Milton Taylor

I was sorry to hear of John Holland’s death.  John meant a lot to me. I was one of the first post-doc’s in his lab after he moved to Irvine, California. He was a very good mentor , and taught me the intricacies of cell culture  and virology, since I arrived in his lab with no previous experience of cell culture. It was a fun time in the lab, we were exploring the differences in tRNA profiles in cancers and normal cells, and working on mengovirus restriction, projects I continued with later in my own laboratory.  John created a very lively, questioning atmosphere.  He basically posed a problem or question and then said “go to it”.  He was a very modest person, but yet was willing to buck authority, particularly university administration. He and Dottie made us very welcome, and I felt really a part of this new institution (Irvine had only been open a year). There were always very lively discussions, not only of science but of the world at large.  This was a small group, and we really worked as a team, Clayton Buck, Morrie Granger, and one or two students.  John could be very hot tempered at times, but when his temper subsided there was no grudge.  We had quite a number of  undergraduate students around the lab, and I remember our conversations about avoiding the coffee when they were around, since this was the height of the LSD epidemic  that was occurring in Southern Orange County (Laguna beach in the 1960’s ). I was attracted to John’s lab because of his previous work with poliovirus. Amazing to think of how we worked in those days, using glass pipettes, mouth pipetting solutions including virus, glass prescription bottles instead of expensive plastic flasks, and most work done in the open bench. These were simpler bygone days.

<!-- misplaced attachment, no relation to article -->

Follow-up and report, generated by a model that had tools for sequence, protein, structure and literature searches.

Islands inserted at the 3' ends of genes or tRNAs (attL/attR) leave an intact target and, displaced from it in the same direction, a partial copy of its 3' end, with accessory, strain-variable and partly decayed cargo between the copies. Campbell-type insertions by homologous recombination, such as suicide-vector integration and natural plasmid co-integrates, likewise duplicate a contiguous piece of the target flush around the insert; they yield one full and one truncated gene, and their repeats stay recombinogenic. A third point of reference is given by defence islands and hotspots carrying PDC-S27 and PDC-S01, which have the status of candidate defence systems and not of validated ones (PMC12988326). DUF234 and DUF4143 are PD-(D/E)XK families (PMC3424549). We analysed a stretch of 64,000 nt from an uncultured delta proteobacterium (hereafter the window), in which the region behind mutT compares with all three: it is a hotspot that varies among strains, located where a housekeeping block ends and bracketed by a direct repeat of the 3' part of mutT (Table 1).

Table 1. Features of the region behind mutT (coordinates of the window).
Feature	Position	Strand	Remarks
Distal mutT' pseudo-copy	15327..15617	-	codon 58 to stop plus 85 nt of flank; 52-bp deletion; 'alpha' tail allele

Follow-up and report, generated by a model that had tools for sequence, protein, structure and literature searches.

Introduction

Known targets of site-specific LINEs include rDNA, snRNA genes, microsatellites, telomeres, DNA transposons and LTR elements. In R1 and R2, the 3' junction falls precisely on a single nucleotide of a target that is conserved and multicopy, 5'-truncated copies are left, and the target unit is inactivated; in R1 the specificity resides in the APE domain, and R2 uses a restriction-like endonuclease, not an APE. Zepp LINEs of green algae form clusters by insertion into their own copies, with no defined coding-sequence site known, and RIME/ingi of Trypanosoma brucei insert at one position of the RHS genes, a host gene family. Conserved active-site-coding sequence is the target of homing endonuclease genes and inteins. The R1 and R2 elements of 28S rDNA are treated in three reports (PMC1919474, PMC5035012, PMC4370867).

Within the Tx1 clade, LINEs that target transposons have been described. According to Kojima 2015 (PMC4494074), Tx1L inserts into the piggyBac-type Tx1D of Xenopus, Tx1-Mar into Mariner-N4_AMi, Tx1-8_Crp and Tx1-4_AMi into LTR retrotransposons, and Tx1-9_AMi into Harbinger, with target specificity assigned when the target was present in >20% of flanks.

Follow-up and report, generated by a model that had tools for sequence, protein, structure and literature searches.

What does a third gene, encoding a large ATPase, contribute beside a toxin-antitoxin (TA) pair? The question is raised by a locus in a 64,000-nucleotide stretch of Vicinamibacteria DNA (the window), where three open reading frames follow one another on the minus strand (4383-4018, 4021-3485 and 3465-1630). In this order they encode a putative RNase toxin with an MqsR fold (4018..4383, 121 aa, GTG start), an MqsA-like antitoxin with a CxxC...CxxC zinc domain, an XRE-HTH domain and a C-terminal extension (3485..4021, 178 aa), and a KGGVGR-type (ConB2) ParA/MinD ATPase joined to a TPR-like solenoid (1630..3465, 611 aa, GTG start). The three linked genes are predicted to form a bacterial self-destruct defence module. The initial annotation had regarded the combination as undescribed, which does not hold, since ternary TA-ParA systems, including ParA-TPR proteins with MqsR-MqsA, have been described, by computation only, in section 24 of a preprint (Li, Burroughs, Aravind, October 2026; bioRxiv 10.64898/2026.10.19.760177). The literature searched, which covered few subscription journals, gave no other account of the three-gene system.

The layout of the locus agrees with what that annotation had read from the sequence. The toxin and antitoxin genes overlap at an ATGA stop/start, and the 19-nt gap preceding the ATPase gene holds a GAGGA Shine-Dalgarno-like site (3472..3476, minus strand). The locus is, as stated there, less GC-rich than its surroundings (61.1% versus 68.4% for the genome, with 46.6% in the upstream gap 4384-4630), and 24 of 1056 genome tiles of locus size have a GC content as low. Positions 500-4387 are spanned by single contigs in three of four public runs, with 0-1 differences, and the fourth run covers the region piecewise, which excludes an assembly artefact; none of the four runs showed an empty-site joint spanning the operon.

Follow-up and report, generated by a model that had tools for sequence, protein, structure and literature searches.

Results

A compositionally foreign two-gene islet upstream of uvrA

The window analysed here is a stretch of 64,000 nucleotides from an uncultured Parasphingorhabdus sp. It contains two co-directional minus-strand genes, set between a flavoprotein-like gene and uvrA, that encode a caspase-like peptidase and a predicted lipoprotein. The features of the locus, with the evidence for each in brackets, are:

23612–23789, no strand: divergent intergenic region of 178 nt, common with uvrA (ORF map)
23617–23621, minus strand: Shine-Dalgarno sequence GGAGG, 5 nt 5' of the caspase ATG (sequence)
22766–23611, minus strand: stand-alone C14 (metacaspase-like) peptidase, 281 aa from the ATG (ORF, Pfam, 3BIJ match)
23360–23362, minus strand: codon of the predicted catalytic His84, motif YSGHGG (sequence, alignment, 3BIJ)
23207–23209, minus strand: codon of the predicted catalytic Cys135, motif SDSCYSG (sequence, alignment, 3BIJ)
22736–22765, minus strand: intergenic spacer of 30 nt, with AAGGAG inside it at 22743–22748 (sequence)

Scott Vande Pol

John’s passing touched me, and has prompted some thoughts I am happy to share with you.  HIs output as a scientist was pretty impressive (defining viral receptors, viral protein translation,  the mechanism of viral persistence, the nature of RNA virus populations and evolution), but I think his life as a scientific mentor was certainly as great.   As I noted to Bert, by modern theories of proper scientific mentorship (weekly documented meetings with progress reports and specific aims achieved on schedule) John was a terrible mentor because he did none of those things.  But what a great mentor he was!  He treated his students as his colleagues and equals.  This man, who was smarter than me, more experienced, and more knowledgable, wanted to know MY opinion, because he was genuinely interested in what I thought.  And then we would talk.  This created a space into which we all had to grow, and it was a completely natural outcome of his humility.  Our formal lab meetings were nonexistent, but in some ways continuous, because he was almost always in the lab.  That does not mean it was all sweetness, because John had real scientific standards and would let you know when you did not meet them (but without crushing your spirit).   I remember when Mark Spector from Racker’s lab came to give a seminar at UCSD, and as we were walking back I asked John what he thought about the seminar and he replied that the seminar was entirely untrue (actually, stronger words to that effect).  He did not spare fools, and, he had a real temper that on rare occasions could be pretty ghastly.  You did not want to be on the receiving end of that.  But mostly he laughed a lot, and his lab was a place where games, tricks, and joy prevailed.  I remember that a sure-fire trick was to put a message on the blackboard that some super-prominent scientist has called him leaving a return number, which was actually “dial-a-prayer” in Seattle or New York.  John would always fall for this, but then laugh and laugh and laugh every time.  It was a happy place.